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RAS Rosiglitazone and Atherosclerosis Study: A 1 year randomised, double-blind, parallel group, placebo controlled study to evaluate the efficacy of rosiglitazone on the progression of intima-media thickness in the carotid artery in subjects with insulin resistance syndrome and/or type 2 diabetes mellitus
Allocation: Randomized, Intervention Model: Parallel Assignment, Masking: Double-Blind, Primary Purpose: Treatment
Non-Insulin-Dependent Diabetes Mellitus
GSK Investigational Site
Published on BioPortfolio: 2014-07-24T14:25:20-0400
This 24-week study will compare the effects of adding the drug rosiglitazone (2mg and 4mg) or placebo to insulin in patients with Type 2 diabetes mellitus (non-insulin-dependent) who have ...
This study is designed to demonstrate that addition of rosiglitazone (4mg) to insulin in Type 2 diabetes mellitus subjects who have not achieved glycemic goals on insulin injections alone ...
The purpose of the study is to determine if the addition of rosiglitazone to subjects with fair glucose control on other oral agents improves endothelial function, a surrogate marker of va...
The study will compare and evaluate the effects of long-term treatment of monotherapy with rosiglitazone, metformin and glyburide/glibenclamide on the improvement and maintenance of glycem...
The purpose of this study is to test the safety and effectiveness of rosiglitazone against a sulfonylurea in reducing or slowing the development of atherosclerosis in the blood vessels of ...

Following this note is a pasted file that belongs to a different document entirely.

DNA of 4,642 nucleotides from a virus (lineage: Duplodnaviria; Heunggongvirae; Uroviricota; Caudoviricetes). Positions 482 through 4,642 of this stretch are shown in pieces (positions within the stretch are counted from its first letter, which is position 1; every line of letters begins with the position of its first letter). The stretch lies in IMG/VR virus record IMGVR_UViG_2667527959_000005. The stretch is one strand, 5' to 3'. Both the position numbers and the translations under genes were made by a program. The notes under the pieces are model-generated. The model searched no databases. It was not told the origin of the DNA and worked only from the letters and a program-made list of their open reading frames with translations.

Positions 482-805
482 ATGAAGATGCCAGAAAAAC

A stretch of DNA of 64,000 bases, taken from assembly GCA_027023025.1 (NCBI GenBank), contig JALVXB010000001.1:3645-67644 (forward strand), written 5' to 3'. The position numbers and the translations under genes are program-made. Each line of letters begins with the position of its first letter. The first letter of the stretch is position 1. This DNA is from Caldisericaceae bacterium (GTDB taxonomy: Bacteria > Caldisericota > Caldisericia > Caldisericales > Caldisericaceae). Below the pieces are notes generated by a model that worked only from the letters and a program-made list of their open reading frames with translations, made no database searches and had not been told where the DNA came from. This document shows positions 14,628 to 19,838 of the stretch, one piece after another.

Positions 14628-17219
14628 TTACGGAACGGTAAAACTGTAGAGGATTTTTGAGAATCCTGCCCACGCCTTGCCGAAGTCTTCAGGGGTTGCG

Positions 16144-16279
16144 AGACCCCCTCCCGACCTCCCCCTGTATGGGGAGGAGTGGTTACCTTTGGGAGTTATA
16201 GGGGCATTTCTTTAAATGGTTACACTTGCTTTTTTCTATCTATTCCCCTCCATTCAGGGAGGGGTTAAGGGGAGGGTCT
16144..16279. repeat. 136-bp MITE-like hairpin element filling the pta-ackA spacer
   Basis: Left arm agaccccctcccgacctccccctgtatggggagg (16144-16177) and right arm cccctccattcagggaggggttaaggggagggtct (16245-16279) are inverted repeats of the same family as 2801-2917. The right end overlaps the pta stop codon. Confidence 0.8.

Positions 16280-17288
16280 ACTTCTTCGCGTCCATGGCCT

Fracture risk is increased in individuals with type 2 diabetes (T2D). The pathophysiological mechanisms accentuating fracture risk in T2D are convoluted, incorporating factors such as hyperglycaemia, ...
Offspring of mothers with gestational diabetes mellitus (GDM) are far more likely to develop type 2 diabetes. The aim of this study was to investigate the effect of the insulin metabolism of pregnant ...
Polycystic ovary syndrome (PCOS) is characterised by infrequent or absent ovulation, and high levels of androgens and insulin (hyperinsulinaemia). Hyperinsulinaemia occurs secondary to insulin resista...
Insulin resistance is a major pathogenic hallmark of impaired glucose metabolism. We assessed the accuracy of insulin resistance and cut-off values using homeostasis model assessment of insulin resist...
When treated with basal insulin peglispro (BIL), patients with type 1 diabetes mellitus (T1DM) exhibit weight loss and lower prandial insulin requirements versus insulin glargine (GL), while total ins...
A strain of Rattus norvegicus which is a model for spontaneous insulin-dependent diabetes mellitus (DIABETES MELLITUS, INSULIN-DEPENDENT).
A subclass of DIABETES MELLITUS that is not INSULIN-responsive or dependent (NIDDM). It is characterized initially by INSULIN RESISTANCE and HYPERINSULINEMIA; and eventually by GLUCOSE INTOLERANCE; HYPERGLYCEMIA; and overt diabetes. Type II diabetes mellitus is no longer considered a disease exclusively found in adults. Patients seldom develop KETOSIS but often exhibit OBESITY.
A 51-amino acid pancreatic hormone that plays a major role in the regulation of glucose metabolism, directly by suppressing endogenous glucose production (GLYCOGENOLYSIS; GLUCONEOGENESIS) and indirectly by suppressing GLUCAGON secretion and LIPOLYSIS. Native insulin is a globular protein comprised of a zinc-coordinated hexamer. Each insulin monomer containing two chains, A (21 residues) and B (30 residues), linked by two disulfide bonds. Insulin is used as a drug to control insulin-dependent diabetes mellitus (DIABETES MELLITUS, TYPE 1).
A subtype of DIABETES MELLITUS that is characterized by INSULIN deficiency. It is manifested by the sudden onset of severe HYPERGLYCEMIA, rapid progression to DIABETIC KETOACIDOSIS, and DEATH unless treated with insulin. The disease may occur at any age, but is most common in childhood or adolescence.
A biguanide hypoglycemic agent used in the treatment of non-insulin-dependent diabetes mellitus not responding to dietary modification. Metformin improves glycemic control by improving insulin sensitivity and decreasing intestinal absorption of glucose. (From Martindale, The Extra Pharmacopoeia, 30th ed, p289)